Property held in joint tenancy or as community property must be transferred to the well spouse as separate property before being sold. Otherwise some of the proceeds will be attributed to the ill spouse. This property may include stock, promissory notes, life insurance, rental property, a second home etc. Simply changing the name on the property to that of the well spouse alone is likely to be ineffective, since under California law property that is held in the name of one spouse can still be community property. Instead the ill spouse (or his/her agent, if there is a proper power of attorney) should waive, release and/or quitclaim any interest in the property in writing.

Expanding the Community Spouse Resource Allowance

If the well spouse’s income is less than the Minimum Monthly Maintenance Needs Allowance, the well spouse may obtain an order increasing the Community Spouse Resource Allowance (CSRA) (currently $90,600), allowing him/her to keep additional assets sufficient to produce the minimum amount of income. This must be authorized by a court order or at a hearing before an administration law judge. The court or administrative law judge must order enlargement of the CSRA if the additional assets are needed for the minimum amount of income. On the other hand, procedures to obtain an expanded CSRA are time-consuming, cumbersome and frequently frustrating. As a result, the approach is usually most effective when the well spouse has little or no separate income.

Non-income producing assets for a well spouse

If there is a well spouse who does not need additional income, often that spouse will want to convert his/her assets into investments that do not produce income but instead appreciate in value, such as zero-coupon bonds. This can maximize the amount of income that the ill spouse can transfer to the well spouse (so that the well spouse reaches the monthly minimum maintenance needs allowance) and the ill spouse’s share of cost of the skilled nursing facility payments are minimized. The income is taxable but (because it is considered unavailable) it is not countable as income for Share of Costs purposes, even when the bond matures, assuming the money is again invested in zero-coupon Treasure bonds.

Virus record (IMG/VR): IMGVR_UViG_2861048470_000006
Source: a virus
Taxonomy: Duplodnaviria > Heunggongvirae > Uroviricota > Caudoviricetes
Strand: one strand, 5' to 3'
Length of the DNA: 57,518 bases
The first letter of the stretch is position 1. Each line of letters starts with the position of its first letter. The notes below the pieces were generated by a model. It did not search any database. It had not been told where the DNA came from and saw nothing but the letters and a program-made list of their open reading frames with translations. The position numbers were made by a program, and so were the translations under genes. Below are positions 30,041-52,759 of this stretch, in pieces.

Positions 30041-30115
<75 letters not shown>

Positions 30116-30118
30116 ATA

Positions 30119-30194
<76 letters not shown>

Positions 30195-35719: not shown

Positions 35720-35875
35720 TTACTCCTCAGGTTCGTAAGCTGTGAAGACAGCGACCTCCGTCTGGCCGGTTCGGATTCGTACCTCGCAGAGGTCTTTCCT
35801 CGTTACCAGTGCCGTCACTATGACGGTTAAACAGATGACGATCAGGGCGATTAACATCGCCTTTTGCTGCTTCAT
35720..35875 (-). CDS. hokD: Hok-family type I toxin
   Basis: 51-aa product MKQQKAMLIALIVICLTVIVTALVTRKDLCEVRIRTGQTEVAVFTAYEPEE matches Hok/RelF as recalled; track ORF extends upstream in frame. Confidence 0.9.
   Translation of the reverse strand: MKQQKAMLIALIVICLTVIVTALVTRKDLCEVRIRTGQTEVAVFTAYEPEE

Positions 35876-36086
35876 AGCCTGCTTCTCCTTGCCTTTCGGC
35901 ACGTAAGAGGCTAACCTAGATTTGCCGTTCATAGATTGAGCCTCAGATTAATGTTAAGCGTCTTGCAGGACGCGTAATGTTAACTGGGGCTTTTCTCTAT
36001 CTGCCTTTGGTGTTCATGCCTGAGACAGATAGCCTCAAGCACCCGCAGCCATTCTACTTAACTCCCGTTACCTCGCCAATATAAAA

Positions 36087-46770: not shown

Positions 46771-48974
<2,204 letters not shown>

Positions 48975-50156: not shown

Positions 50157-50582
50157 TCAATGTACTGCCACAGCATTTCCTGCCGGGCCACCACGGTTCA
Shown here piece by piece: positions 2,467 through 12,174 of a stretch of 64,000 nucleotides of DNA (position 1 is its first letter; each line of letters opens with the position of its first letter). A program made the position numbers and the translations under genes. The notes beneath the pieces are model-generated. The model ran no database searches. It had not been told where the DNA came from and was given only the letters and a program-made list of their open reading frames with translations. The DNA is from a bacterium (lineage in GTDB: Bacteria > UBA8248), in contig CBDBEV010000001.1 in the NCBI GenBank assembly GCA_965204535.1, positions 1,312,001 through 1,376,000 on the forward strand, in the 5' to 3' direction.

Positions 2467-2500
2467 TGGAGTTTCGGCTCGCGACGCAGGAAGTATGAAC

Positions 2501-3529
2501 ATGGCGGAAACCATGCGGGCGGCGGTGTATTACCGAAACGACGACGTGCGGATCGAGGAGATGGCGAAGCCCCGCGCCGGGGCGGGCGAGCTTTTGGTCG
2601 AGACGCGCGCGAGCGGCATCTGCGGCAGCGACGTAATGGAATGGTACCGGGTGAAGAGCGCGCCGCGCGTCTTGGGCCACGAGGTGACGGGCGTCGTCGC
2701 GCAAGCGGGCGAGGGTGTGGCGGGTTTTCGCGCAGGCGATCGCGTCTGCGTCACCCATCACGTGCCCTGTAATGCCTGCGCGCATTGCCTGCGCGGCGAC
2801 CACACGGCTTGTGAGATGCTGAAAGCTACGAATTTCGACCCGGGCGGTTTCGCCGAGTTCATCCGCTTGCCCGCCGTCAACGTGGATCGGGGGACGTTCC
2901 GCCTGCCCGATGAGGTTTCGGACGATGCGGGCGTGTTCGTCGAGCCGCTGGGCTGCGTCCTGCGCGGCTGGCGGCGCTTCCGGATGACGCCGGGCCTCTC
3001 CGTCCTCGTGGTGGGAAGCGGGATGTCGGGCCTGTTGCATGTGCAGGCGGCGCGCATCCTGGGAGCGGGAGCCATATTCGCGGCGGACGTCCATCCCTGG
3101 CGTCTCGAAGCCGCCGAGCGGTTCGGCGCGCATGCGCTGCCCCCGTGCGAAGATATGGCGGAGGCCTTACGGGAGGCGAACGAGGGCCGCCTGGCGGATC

Assuming it is best to pursue an expanded CSRA, six-month Certificates of Deposit are particularly attractive right now, given that they carry only about a 2% rate of return.


The allowance is currently $2,267 per month, so if the well spouse had $1,000 of income from other sources, with a six-month Certificate of Deposit earning 2% annual interest, the well spouse could keep $760,200 in that CD ($760,200 x 2% divided by 12 months = $1,267).


Transfers of exempt assets

The transfer rules generally cover only assets that are not exempt. If an asset is exempt, it usually can be transferred. One major exception to this approach is the principal residence, since by special statute the transfer rules apply to the home. On the other hand, an exempt automobile, for example, may be given to another person without incurring a transfer penalty.

Current and upcoming regulations

California has been using regulations based on revisions to the Medical Catastrophic Coverage Act ("Catastrophic Act") rather than the Omnibus Budget Reconciliation Act ("Omnibus Act"). California is in the process of adopting regulations that conform with the Omnibus Act, but currently the more generous Catastrophic Act regulations are still in effect. When the Department of Health adopts regulations based on the Omnibus Act, they probably will apply only to transfers that occur after the date the new regulations are issued.

Breaking gifts into smaller pieces

Under the Catastrophic Act rules, each gift or transfer for less than fair market value creates its own separate period of ineligibility. Separate periods can run concurrently. Medi-Cal ineligibility can be minimized by breaking gifts into smaller pieces. Various planning strategies involve concurrent disqualification periods.